The retail industry is on the precipice of a robotics revolution. While leading-edge retailers like Amazon have been using robots, their role has largely remained experimental or behind the scenes, primarily used in warehouses and fulfillment centers to perform pick, pack and ship duties. That is about to change.
Retailers are increasingly testing use cases for robots in a variety of roles from internal operations to customer-facing service. As they become more capable and cost effective, we will increasingly see robots having significant impact on every aspect of the retail value chain.
As one of the more intelligent “things” that can be connected to the Internet of Things (IoT), robots are helping retailers realize the digitization potential of IoT by reducing labor costs, improving operational efficiency and even delivering delightful customer experiences. Here are several areas where we expect to see the rise of robots in the near future:
Warehouses and Distribution Centers
Where retailers like Amazon and Walmart lead the way, others will surely follow. More retailers are taking an intermediate step by equipping human warehouse workers with smart glasses and augmented reality applications to provide context and workflow assistance, but there is still tremendous opportunity throughout the retail industry to automate more warehouse activities through increased use of robots.
Surveying Store Conditions
Since robots have proved their worth behind the scenes, an increasing number of retailers are moving them to the front of the shop, allowing robots to roam the store floor to capture real-time information on shelf conditions, take stock of inventory and note planogram compliance and effectiveness.
Robots are even being employed in more customer-facing, service-oriented roles. Brick-and-mortar retailers realize that to better compete with e-commerce giants, they need to improve customer experience and convenience in store – and robots can help.
Walmart is testing the use of robotic shopping carts that help shoppers find items on their list and eliminate the need to push heavy carts around the store. This can be especially helpful for customers with disabilities. And Lowe’s announced the roll-out of the LoweBot in several stores. Shoppers can tell these types of customer service robots what they are looking for, or even hold an item up to the robots’ 3D sensing cameras and have the robot guide them to the item’s exact location on the shelf.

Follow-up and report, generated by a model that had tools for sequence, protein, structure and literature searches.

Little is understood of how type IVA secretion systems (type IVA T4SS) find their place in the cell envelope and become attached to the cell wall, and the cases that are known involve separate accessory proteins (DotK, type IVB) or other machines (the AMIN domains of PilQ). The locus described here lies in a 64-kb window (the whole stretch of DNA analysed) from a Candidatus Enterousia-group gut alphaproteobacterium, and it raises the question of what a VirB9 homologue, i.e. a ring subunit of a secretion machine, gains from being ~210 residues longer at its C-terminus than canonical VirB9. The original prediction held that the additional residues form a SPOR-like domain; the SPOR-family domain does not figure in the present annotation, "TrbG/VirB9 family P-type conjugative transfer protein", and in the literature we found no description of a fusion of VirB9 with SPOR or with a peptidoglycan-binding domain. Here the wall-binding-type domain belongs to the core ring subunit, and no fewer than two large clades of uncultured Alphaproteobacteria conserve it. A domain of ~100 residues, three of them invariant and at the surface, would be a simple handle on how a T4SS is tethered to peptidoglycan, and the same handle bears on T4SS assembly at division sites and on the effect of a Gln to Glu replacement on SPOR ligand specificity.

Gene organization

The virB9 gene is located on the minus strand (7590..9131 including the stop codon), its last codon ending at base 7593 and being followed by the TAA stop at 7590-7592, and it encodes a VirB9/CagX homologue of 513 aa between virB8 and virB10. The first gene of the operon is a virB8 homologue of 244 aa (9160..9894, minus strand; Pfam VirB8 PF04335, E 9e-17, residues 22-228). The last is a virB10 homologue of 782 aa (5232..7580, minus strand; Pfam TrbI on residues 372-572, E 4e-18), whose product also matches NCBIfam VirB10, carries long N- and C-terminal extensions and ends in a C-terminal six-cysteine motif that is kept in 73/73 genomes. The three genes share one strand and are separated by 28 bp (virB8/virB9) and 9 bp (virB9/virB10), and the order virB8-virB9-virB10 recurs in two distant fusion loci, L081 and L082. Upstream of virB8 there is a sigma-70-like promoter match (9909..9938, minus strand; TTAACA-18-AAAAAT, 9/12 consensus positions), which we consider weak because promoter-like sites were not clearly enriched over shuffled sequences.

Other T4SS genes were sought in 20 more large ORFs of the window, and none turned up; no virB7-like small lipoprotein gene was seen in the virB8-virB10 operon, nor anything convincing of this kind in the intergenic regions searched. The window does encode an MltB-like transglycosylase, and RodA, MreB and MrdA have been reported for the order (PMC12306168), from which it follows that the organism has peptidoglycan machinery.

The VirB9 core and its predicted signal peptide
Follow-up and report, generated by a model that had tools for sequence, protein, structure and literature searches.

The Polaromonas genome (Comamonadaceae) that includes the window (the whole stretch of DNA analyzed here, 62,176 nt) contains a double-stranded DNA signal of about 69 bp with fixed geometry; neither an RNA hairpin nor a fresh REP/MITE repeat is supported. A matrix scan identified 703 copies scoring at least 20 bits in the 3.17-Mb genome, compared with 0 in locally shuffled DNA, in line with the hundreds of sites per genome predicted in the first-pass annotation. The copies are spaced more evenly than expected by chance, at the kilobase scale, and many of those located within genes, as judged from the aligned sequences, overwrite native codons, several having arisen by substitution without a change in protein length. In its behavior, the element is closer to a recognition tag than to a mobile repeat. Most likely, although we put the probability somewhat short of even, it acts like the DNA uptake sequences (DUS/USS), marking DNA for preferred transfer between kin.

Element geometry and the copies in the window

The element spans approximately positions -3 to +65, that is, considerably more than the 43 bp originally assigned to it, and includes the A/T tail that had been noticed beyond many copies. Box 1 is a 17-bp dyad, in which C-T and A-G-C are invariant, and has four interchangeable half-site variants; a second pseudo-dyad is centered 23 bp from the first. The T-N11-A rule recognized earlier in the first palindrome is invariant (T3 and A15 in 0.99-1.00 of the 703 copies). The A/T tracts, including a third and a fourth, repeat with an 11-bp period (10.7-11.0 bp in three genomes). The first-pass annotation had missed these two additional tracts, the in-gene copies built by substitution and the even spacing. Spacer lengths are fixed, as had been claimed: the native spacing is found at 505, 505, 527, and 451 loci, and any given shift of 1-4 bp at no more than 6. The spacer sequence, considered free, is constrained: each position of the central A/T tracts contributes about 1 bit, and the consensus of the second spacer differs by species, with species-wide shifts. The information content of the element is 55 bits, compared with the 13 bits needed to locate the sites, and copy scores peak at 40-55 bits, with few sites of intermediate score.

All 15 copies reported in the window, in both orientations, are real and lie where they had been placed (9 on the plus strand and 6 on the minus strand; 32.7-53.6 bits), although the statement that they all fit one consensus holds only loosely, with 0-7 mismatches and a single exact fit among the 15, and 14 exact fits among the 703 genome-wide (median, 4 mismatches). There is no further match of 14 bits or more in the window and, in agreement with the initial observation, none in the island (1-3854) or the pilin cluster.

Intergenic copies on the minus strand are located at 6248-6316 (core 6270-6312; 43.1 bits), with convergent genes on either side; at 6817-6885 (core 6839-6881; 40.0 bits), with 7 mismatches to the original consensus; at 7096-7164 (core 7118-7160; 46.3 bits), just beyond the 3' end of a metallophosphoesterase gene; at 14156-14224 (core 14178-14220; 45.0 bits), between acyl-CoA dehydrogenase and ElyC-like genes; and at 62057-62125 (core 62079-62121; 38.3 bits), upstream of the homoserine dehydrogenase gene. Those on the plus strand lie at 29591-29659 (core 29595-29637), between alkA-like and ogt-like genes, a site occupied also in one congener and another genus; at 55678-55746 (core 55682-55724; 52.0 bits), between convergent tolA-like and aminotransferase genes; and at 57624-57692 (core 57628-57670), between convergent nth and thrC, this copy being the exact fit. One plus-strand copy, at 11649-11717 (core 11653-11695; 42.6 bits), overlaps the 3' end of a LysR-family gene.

For retailers like Lowes, these types of robots could eliminate the frustration of trying to find a particular type of screw, for example, within the vast home improvement store. Customer service robots can even perform double duty, scanning shelf inventory and sending real-time data to store associates while they guide customers through the aisles.
While it may be years before robots can provide high-touch, “clienteling” customer experiences, they can help retailers optimize workforce productivity by offloading many of the more tedious or repetitive tasks from human workers. This can dramatically lower the cost of retail service and improve the customer experience by freeing up human associates to focus their efforts on the more skilled customer service experiences, such as building personalized relationships and loyalty with customers.
Robotics technology is maturing rapidly and breakthroughs in artificial intelligence, computer vision and natural language processing (which makes robots both more useful and more personable) are accelerating adoption. At the same time government agencies and standards bodies are working on standards and regulations to make robots safer and more interoperable with other IoT technologies. And, as consumers continue to become more connected to the IoT and increasingly leverage technology in their personal lives, we’ll see growing consumer acceptance of robots. With these factors converging, I expect we’ll see robots becoming much more mainstream in retail within the next few years.
To start riding the wave of the robotics revolution, retailers will first need a digital-ready foundation and an IT architecture in place that is capable of supporting pervasive, robust wireless connectivity, data collection and aggregation, flexible cloud computing, edge analytics, mobility, and more. This foundation enables retailers to gain the insights and contextual understanding necessary to deliver hyper-relevant and personalized customer experiences through robotics.
The cloud, especially, is critical for helping retailers leverage their robots’ artificial intelligence to the greatest extent. With cloud robotics, when one robot learns a new skill it can share its newfound knowledge to the cloud so other robots can acquire the same skill without having to be specifically programmed or having to learn independently through trial and error.
Lastly, retailers who plan to let robots roam the store floor will likely find that they need more advanced precision indoor location technology. This helps a robot navigate and know precisely what aisle it’s on or what products it’s near while avoiding bumping into customers or displays – especially in environments where planograms, modular displays and signage are constantly changing.
Nearly every aspect of retail can benefit from robotics. Retailers should examine their businesses to identify the use cases where robots can help provide a competitive advantage by streamlining operational efficiency, optimizing workforce productivity or improving the customer experience.
Whether it is automating fulfillment processes, improving shelf conditions and inventory accuracy, helping customers find what they’re looking for, or another scenario, robots are on the rise and will play an increasingly important role in retail.